March 25: Who's at fault?

What incredible arrogance! Where is the hard-evidence?

March 24, 2015 21:28

Letters. (photo credit: REUTERS)

Who’s at fault

Ayelet Shaked has demanded three cabinet positions for her Bayit Yehudi party as compensation for the tactics that drew Bayit Yehudi voters away to the Likud. She based this number on how many seats she is certain the party would have won had Likud leader Benjamin Netanyahu not committed this devious deed (“Labor confirms Netanyahu sought unity government,” March 22).

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What incredible arrogance! Where is the hard-evidence? I didn’t hear the prime minister tell people not to vote for Bayit Yehudi. As is the name of the game, he appealed to people to vote for his party! How does she know people were taken away, and how many? Signed affidavits by voters? Could it be that intelligent voters actually decide for whom to vote based on their own informed choices and decisions? Shaked obviously doesn’t think so, and of course shows contempt for the electoral process by demanding political favors as if there had been no election at all! I guess we shouldn’t be surprised.

Shaked has merely joined a long line of other politicians avoiding the more obvious, but all-too-painful, conclusion that election losses are a party’s own fault.

Hatzor Haglilit

It is said that the definition of chutzpah is when a son murders his parents and then pleads for clemency because he is an orphan.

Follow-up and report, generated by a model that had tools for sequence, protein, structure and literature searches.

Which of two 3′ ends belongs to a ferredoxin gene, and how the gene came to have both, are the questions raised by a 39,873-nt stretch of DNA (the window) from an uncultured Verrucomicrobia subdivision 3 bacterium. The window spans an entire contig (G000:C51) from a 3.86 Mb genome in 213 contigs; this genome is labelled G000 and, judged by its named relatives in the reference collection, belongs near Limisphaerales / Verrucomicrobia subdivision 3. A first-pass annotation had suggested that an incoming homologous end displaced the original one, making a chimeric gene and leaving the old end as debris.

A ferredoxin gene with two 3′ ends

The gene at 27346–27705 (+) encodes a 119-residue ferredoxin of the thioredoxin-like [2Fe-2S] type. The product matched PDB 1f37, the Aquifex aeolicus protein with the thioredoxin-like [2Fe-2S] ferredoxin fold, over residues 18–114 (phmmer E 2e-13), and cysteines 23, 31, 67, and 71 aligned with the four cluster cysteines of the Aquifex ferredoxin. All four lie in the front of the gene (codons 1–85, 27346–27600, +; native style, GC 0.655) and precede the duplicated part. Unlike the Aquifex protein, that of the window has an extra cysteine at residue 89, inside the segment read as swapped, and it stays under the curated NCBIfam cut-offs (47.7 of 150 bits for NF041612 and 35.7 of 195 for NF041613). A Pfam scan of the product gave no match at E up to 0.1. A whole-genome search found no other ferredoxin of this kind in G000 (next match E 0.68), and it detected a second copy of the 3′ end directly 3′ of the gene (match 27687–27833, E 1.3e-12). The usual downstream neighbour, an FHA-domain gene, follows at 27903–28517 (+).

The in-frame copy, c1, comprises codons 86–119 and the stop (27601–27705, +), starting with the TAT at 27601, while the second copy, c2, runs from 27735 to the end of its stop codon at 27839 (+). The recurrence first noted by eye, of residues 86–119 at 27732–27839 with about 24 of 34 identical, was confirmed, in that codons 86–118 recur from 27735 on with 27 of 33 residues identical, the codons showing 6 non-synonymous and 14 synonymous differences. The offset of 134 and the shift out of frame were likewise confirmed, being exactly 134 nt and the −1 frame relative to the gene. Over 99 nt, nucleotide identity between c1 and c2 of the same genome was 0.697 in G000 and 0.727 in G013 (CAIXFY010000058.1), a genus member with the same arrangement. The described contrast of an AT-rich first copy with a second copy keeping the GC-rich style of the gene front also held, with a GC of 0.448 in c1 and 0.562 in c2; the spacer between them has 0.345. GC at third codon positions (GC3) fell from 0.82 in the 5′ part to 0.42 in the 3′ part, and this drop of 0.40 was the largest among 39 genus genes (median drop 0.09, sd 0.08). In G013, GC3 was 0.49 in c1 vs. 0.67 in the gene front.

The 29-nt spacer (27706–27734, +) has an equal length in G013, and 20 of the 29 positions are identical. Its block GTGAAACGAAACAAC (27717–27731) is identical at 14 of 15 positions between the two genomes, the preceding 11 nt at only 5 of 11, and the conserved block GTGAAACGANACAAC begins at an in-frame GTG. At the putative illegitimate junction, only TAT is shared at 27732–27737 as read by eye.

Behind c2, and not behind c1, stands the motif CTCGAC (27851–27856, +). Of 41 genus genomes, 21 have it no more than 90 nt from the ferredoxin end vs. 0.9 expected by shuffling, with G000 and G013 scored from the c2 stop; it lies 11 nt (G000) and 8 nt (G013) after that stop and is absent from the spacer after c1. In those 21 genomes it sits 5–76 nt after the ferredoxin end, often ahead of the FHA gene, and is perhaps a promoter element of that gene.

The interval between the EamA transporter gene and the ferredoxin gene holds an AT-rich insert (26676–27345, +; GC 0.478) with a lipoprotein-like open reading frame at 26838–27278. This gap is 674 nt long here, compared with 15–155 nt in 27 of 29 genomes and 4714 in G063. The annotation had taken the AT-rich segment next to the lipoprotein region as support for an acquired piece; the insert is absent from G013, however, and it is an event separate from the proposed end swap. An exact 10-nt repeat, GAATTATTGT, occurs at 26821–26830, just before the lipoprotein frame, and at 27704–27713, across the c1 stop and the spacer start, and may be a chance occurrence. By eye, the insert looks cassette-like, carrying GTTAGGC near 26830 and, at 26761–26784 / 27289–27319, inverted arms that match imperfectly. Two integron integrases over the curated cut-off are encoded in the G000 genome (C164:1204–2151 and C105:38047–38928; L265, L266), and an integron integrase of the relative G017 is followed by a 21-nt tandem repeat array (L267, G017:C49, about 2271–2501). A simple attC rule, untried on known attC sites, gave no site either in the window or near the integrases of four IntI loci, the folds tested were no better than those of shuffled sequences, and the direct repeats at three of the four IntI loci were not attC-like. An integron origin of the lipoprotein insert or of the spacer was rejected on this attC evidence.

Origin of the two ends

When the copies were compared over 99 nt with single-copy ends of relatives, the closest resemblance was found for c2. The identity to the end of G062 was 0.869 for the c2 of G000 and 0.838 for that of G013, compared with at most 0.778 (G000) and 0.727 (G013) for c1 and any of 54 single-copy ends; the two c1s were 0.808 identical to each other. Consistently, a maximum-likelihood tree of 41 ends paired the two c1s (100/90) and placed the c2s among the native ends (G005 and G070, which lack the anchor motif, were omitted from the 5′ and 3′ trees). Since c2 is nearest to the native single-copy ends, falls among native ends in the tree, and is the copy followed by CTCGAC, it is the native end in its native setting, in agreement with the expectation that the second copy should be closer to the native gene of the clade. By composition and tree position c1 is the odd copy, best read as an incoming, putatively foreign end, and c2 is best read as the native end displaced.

I have seen reports of senior Likud figures insisting that as fellow right-wing political parties did not receive as many votes as before, these parties cannot expect senior coalition positions, which should go to the Likud. I think this is a bit rich.

The Likud did indeed carry out an excellent election strategy.

It saw the way the polls were going and focused on right-of-center voters who were supporting smaller parties. It pointed out, quite forcefully, that because of the potential spread of votes, voting for a preferred party, and not for the Likud, could be catastrophic. It could lead to the Zionist Union winning more seats and encourage President Reuven Rivlin to give it the first shot at forming a government.

The tactic worked. To now penalize these parties is simply, in the idiom of the old country, not cricket.


Our reality

It’s a story of three festivals.

Whenever we have elections in this country, we are told that it’s a “festival of democracy.”

So we just had one. But now comes the festival of hypocrisy. Imagine. We had our democratic election and US President Barack Obama doesn’t like the result.

What’s that? We are allowed to have democratic elections as long as we get the “proper” results? What chutzpah! And now we are going to be punished for expressing our views (“US may withdraw support for Israel at Security Council,” March 20), being stood in the corner like third-graders.

Doesn’t the word “democracy” mean that we get to express our beliefs? Herb Keinon put it brilliantly in “With eyes wide open” (Frontlines, March 20): “Israelis feel insecure. This is not made up, its not hype, it’s not phony or fear-mongering. It’s real, and it comes from kids getting kidnapped and murdered, rockets falling into living rooms, and passersby getting stabbed.”

This is our reality. We are trying to live and protect ourselves as best we can. It’s too bad that Mr. Obama’s feelings are hurt.

And while we are living our very threatened lives, here comes the third festival – Passover, our festival of freedom, which is just around the corner.